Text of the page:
the possibility and effectiveness of functional finance (Lerner, 1947). The
ability of the government to conduct fiscal and monetary policy according to
the principles of functional finance is made possible by the fact that, as the
title of Lerner's paper states, "money [i]s a creature of the state":
The government—which is what the state means in practice—by virtue of its
power to create or destroy money by fiat and its power to take money away from
people by taxation, is in a position to keep the rate of spending of the
economy at the level required to fill its two great responsibilities, the
prevention of depression, and the maintenance of the value of money. (Lerner,
1947, p. 314)
In adopting this view Lerner followed Keynes in accepting the main thrust of
Knapp's "State Theory of Money" (Keynes, 1930, p. 4, p. 6n1; Knapp, 1924). Of
course, the basic starting point can be traced back at least as far as Adam
Smith, who put forward the idea that "a requirement that certain taxes should
be paid in particular paper money might give that paper a certain value even
if it was irredeemable" (Cannan, 1904, p. 312). The state has the power not
only to tax, but to designate what will suffice to retire tax obligations,
that is, what it will accept at its pay offices. By determining public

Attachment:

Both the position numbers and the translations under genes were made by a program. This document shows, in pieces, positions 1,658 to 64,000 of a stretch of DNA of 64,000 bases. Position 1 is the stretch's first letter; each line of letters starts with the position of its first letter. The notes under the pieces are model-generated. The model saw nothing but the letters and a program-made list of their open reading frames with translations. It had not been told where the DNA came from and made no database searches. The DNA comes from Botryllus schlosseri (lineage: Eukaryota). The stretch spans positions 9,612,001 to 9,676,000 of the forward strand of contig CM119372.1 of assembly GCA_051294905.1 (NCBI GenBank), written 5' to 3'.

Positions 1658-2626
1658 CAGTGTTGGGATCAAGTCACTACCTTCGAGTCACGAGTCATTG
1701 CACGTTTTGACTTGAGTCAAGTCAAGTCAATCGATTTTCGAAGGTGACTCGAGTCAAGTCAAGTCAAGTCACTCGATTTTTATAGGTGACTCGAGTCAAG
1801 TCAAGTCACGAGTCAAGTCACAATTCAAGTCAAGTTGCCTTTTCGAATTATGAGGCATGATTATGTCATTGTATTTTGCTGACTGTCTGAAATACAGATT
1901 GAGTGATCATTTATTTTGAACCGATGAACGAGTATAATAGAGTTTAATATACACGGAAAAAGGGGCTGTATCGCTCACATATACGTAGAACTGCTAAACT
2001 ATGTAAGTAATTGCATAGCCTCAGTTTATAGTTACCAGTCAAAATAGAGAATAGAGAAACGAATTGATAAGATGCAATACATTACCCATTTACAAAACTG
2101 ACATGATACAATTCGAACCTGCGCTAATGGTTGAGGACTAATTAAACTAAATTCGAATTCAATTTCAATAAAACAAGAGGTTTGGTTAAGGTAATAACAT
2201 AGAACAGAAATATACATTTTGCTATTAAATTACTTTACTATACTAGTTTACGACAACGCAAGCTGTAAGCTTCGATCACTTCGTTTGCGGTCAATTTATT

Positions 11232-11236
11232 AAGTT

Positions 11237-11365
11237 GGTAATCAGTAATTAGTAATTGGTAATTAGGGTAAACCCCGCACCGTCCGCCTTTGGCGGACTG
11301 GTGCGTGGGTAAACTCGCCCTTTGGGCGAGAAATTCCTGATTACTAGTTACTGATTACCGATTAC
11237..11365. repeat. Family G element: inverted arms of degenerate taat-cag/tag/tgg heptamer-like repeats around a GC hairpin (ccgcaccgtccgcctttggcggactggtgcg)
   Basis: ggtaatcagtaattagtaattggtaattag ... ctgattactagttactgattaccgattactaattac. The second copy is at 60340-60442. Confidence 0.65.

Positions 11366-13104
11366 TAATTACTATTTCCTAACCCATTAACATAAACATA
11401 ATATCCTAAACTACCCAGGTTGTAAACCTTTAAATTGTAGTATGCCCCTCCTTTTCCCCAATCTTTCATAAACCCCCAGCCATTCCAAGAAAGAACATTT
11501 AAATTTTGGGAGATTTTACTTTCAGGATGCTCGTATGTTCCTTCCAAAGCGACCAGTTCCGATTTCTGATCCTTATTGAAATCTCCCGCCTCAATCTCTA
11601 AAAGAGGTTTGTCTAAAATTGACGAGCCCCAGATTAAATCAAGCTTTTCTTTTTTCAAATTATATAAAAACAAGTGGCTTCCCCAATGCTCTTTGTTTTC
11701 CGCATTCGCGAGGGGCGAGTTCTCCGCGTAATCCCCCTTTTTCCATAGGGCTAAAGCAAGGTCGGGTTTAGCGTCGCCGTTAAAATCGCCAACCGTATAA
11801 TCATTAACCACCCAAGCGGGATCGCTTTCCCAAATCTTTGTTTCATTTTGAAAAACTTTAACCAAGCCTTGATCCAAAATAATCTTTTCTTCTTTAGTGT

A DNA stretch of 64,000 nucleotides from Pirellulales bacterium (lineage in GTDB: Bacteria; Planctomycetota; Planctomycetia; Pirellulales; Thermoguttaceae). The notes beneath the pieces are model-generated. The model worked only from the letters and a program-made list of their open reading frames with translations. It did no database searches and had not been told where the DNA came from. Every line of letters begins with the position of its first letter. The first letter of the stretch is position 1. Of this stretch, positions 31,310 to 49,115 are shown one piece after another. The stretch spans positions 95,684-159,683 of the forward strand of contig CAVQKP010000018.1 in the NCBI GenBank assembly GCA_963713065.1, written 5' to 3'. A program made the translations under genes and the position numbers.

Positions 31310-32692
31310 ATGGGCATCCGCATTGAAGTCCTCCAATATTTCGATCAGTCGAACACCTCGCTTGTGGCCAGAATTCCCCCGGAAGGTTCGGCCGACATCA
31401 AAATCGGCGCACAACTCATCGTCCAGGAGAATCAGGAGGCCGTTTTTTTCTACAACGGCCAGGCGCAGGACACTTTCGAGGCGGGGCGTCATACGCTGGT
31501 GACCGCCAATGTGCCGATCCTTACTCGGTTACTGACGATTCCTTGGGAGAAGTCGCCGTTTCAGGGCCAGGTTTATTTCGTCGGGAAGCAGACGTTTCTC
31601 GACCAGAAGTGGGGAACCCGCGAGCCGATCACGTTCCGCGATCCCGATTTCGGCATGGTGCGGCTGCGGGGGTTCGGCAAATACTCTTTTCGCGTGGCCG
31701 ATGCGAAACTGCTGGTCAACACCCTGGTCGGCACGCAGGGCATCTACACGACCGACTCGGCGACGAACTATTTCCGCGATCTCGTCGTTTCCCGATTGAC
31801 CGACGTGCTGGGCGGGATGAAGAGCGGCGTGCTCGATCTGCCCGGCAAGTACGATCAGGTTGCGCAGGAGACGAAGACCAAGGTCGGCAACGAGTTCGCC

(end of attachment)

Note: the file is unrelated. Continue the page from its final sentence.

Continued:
receivability, the state can create a demand for otherwise worthless pieces of
paper, leading to general acceptability. The state can issue this currency,
and use it to purchase goods and services from the private sector:
The modern state can make anything it chooses generally acceptable as money
and thus establish its value quite apart from any connection, even of the most
formal kind, with gold or backing of any kind. It is true that a simple
declaration that such and such is money will not do, even if backed by the
most convincing constitutional evidence of the state's absolute sovereignty.
But if the state is willing to accept the proposed money in the payment of
taxes and other obligations to itself the trick is done. Everyone who has
obligations to the state will be willing to accept the pieces of paper with
which he can settle the obligations, and all other people will be willing to
accept those pieces of paper because they know that taxpayers, etc., will
accept them in turn. On the other hand if the state should decline to accept
some kind of money in payment of obligations to itself, it is difficult to
believe that it would retain much of its general acceptability...What this
means is that whatever may have been the history of gold, at the present time,